Ventus – Day 81 of 135

28

The horses had found a road, and Jordan had let them take it. Now he faced the consequences of that decision.

Spreading out below them lay a shallow valley where yellow grain stalks still jutted in regular patterns from sand. The dunes were reclaiming this oasis, and it was just as well, he thought. No one would want to live here now, not among the sad wreckage of so many lives.

This must have been one of the experimental towns. He glanced sidelong at Tamsin, but her face was impassive. Was this collection of burned, broken walls, filled with the wind-tumbled remnants of broken household items, her town?

The scent of charcoal still hung over the place. It didn’t help that the sky was leaden grey, had been for days now, and the air cold. Back home, it was probably snowing.

“They didn’t even bury them,” said Tamsin. She pointed, and he could see that what he had thought was a pile of old clothing, actually had yellowed hands and feet jutting from it. And those rounded shapes… His stomach lurched, and he looked away.

“This was Integer,” she said. “The scholar’s town. It was entirely self-sufficient, they didn’t have to burn it.”

“I don’t think they did this because they had to,” said Jordan.

“I grew up here,” said Tamsin, so quietly that Jordan almost didn’t hear her.

He looked over quickly. “In this town?”

“No. Another, nearby. I lived there my whole life. And then Parliament burnt it to the ground. They burned them all, I guess.”

“But why?”

“The queen,” she said, her mouth twisting bitterly. “Queen Galas is a sorceress; she commanded the desals, and the desals made water sprout in the dunes. In those places, she made towns. She offered people land and seed if they settled there. My parents went. A lot of people did–but once you went you couldn’t leave. And every town was different. Different rules, and nobody was allowed to travel between them or even know what the other towns’ rules were. She used soldiers to move stuff between the towns, like wood and grain and livestock. And the soldiers wouldn’t talk to you.

“Uncle used to visit, when I was small. He used to bring me presents. I remember fruit, and little pieces of jewelry mother disapproved of. He was the only person who visited anyone in Callen. Father said it was because he was important to the queen that they let him do it.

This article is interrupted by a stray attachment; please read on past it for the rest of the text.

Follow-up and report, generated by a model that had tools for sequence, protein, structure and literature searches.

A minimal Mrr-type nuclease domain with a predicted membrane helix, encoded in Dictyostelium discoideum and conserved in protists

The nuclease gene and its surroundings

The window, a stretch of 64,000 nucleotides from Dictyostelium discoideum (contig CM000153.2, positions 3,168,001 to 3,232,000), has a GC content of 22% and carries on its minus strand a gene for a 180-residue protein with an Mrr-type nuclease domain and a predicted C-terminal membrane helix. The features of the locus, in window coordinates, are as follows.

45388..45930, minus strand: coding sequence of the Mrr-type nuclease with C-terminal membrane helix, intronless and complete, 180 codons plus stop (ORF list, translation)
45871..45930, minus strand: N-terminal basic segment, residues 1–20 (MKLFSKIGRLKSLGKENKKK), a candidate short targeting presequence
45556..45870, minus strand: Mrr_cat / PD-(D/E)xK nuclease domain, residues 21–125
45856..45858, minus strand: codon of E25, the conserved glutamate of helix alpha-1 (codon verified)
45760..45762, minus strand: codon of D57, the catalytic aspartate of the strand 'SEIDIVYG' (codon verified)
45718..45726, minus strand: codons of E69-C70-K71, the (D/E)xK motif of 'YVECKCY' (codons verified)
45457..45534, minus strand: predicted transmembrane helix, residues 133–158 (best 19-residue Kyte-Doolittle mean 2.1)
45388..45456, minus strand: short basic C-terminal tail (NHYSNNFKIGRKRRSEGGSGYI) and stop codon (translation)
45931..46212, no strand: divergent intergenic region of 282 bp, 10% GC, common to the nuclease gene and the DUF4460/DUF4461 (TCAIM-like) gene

“I liked Callen, my town. I didn’t think there was anything horrible about it. We worked, we had festivals. Boys and girls went to school. But then one day all these strangers came–people from the other towns. They were fleeing the army. We put some of them up in our house. They were strange… married, but men to men and women to women. Though they had children too. They said the soldiers had burned their town and killed everyone else. We didn’t know why.

“I asked my father about it,” continued Tamsin. “What had we done that was so wrong? He said it was all the history he’d made me learn, about people being prisoners of the Winds. That they’re our enemies.” She watched Jordan warily as she said this.

Jordan nodded slowly. Some of the things Armiger and the queen had talked about were starting to make sense. The queen wanted to change the world. That was why her parliament had revolted.

“One day,” said Tamsin, “I was hoeing the garden. It’s on the edge of town, by the dunes. Suddenly uncle was there. He said I had to follow him quickly, run. We ran into the dunes, and he had a horse there. We rode away to a nearby hill, and there we stopped to look back. The soldiers had come. They looked like ants overruning Callen. I could hear screams, people were running about. Then the houses started to burn.”

For a while she stared off into space, knotting her hands together. Her eyes were dry, but her mouth was a hard line.

“I wanted to go back,” she said finally. “I couldn’t see my parents anywhere. But uncle said we would die too. So we rode away. The next day we came to another oasis, where there was this wagon. And we drove north. That was three months ago.” She glanced at him, looked down, and winced. She didn’t look up again.

Jordan thought about the story. There was nothing good he could say. “Your uncle brought the soldiers,”

She nodded, still not looking at him. “Or at least he knew exactly when they were coming. And he didn’t warn anyone. He just came and snatched me away. I tried to tell myself he had no chance to warn the others. I tried and tried… I let myself believe he had saved me because he was a good man.